Alcohol.org, a subsidiary of American Addiction Centers, Inc, reports interesting findings on the holiday drinking patterns of US adults. Are answers to these 10 questions what you expect?
Family, friends, food, and drink--the essential ingredients for holiday celebrations in all seasons. Each category promises fun but can also produce problems, especially drinking.
Patient Care Online reviewed surveys on adult alcohol use during the holidays hosted on Alcohol.org, a subsidiary of American Addiction Centers, Inc. The 10 questions that follow are based on results of an Alcohol.org survey of more than 1000 Americans, reported in an article looking at the influence of holidays on alcohol consumption.
Find out what you know about who drinks and how much of what on which holiday and about the relative imbibing patterns of the sexes. There could be some patient insight for you here. (Note: the theme is Christmas but the holidays span the year.)
1. Which of the trios above (in these orders) comprise the top 3 holidays in terms of average number of alcoholic drinks consumed?
Answer: D. Mardi Gras, New Year’s Eve, St Patrick’s Day ranked first, second, and third for holidays on which US adults consumed the most alcohol.
Answer: B. St Patrick's Day and even though it ranks third on the list for most drinks consumed on a holiday, 36% of men surveyed identified St Patrick’s Day as the holiday they most associate with alcohol.
Answer: C. New Year's Eve was chosen by 44% of women surveyed as the holiday they most associate with alcohol.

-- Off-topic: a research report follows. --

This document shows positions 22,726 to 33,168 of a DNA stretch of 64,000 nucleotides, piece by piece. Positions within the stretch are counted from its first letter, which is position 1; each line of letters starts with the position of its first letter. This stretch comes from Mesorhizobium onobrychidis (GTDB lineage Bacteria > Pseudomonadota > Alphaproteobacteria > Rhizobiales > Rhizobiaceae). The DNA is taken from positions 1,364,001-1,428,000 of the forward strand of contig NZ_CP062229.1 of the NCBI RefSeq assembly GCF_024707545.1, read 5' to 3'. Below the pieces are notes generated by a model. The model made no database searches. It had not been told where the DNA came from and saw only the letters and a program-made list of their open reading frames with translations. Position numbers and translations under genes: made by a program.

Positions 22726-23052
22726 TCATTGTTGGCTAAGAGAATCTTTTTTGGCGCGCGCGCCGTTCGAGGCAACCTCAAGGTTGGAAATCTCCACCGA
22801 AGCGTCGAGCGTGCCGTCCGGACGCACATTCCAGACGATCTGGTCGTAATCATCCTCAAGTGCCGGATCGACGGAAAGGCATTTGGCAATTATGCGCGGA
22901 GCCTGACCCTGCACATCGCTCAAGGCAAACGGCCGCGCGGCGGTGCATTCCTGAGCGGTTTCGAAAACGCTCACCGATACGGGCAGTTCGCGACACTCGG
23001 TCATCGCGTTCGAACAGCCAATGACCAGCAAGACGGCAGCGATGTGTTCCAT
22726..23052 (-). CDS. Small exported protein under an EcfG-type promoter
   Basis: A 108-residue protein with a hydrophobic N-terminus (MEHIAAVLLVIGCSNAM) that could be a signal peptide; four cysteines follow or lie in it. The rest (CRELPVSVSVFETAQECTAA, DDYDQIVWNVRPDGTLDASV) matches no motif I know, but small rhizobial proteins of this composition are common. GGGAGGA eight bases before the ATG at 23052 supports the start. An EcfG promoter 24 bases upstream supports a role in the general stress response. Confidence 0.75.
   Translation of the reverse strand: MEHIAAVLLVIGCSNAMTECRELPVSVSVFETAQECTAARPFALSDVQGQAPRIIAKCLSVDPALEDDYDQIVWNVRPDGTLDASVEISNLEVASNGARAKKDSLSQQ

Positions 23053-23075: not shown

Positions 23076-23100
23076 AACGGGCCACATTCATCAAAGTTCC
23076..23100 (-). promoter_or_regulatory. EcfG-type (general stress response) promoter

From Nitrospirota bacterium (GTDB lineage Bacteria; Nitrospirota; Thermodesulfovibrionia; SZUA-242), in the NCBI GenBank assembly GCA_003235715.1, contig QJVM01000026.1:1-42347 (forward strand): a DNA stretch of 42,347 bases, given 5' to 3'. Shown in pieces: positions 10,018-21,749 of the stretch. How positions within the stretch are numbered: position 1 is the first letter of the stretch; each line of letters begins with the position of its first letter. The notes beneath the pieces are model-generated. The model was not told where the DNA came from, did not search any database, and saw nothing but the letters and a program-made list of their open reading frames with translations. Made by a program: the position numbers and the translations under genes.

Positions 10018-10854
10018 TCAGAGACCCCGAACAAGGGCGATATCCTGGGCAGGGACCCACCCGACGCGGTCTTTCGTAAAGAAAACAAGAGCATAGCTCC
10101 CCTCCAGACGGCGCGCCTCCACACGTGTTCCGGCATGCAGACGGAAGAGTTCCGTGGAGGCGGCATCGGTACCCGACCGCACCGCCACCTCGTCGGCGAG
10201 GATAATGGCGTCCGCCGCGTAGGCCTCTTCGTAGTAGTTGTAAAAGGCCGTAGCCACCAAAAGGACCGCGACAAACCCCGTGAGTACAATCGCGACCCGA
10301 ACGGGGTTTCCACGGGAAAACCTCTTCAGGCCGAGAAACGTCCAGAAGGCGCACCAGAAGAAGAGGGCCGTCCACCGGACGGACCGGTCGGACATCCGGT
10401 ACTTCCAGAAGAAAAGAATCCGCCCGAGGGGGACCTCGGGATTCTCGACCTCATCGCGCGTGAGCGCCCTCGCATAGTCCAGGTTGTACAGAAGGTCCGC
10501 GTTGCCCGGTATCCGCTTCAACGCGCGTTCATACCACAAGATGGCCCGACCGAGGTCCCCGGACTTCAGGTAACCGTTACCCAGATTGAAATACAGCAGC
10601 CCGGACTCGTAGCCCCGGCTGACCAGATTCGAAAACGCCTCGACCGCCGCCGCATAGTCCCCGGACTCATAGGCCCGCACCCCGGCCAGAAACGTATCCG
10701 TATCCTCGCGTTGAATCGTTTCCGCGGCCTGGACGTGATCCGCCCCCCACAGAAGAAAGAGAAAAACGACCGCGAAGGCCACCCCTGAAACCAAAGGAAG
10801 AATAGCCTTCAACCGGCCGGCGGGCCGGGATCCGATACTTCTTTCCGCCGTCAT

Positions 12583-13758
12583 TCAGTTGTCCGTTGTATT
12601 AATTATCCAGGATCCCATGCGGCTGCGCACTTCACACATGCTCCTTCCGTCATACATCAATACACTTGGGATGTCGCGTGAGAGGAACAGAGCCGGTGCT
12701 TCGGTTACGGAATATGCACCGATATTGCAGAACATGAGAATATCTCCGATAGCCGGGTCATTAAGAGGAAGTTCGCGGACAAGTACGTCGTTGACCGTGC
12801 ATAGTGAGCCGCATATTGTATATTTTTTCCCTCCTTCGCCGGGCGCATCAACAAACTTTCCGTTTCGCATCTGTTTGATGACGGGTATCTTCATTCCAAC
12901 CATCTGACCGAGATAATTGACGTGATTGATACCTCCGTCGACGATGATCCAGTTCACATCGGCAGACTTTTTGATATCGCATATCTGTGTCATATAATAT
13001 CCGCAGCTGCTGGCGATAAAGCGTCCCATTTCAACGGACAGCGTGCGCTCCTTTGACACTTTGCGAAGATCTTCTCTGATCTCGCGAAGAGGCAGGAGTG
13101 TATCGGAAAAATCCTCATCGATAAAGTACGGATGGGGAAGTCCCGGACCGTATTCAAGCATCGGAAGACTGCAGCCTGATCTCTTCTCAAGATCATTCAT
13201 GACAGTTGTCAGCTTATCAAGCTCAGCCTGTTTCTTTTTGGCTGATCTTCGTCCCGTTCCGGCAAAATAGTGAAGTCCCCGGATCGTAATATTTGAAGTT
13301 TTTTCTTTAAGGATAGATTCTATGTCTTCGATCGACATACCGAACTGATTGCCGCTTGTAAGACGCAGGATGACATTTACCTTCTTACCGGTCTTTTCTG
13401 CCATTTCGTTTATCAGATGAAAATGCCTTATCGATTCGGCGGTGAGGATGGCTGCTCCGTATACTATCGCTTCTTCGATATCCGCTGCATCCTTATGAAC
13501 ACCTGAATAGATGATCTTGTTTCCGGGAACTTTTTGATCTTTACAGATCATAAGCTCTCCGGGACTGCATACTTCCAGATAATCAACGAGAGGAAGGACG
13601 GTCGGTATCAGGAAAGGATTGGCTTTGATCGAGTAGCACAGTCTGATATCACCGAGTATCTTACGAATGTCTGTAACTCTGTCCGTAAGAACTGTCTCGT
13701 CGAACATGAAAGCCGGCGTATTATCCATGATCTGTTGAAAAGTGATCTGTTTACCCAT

Answer: B. False or A. True and then some. Nearly 90% (88%) of those surveyed said they consumed alcohol at the company holiday party.
5. Which of the above libations was found to be the top alcoholic beverage consumed during the winter holidays?
Answer: D. Champagne was the beverage most preferred during the winter holidays, followed by wine and then beer.
6. What percentage of men and women, respectively, report binge drinking during the winter holidays?
Answer: A. 23% (men) and 18% (women) agreed that they had engaged in binge drinking during the winter holidays.
7. What percentage of men and women, respectively, report having “blacked out” celebrating winter holidays?
Answer: A. 7.7% (men) and 5.9% (women) said they have blacked out while celebrating during the winter holidays.
8. What percentage of men and women, respectively, report binge drinking specifically on New Year’s Eve?
Answer: C. 47% (men) and 40% (women): Nearly half of men and more than one-third of women report binge drinking on New Year’s Eve. Americans consume an average of 4.4 drinks on New Year’s Eve.
9. What percentage of men and women, respectively, report having blacked out while celebrating New Year’s Eve?
Answer: C. 27.3% (men) and 16.7% (women) report having blacked out from drinking alcohol on New Year’s Eve--a good deal higher for both genders than reports of blacking out during the winter holidays in general: men, 7.7% and women, 5.9%.
Answer: B. Women. A survey of holiday injury patterns among Americans found that women’s drug- and alcohol-related injuries were most likely to happen on New Year’s Eve (18.4% vs 16.3% for men).
Bonus question: New Year’s Eve led all holidays in drug- and alcohol-related injuries involving which of the essential home features above (more than one may be correct)?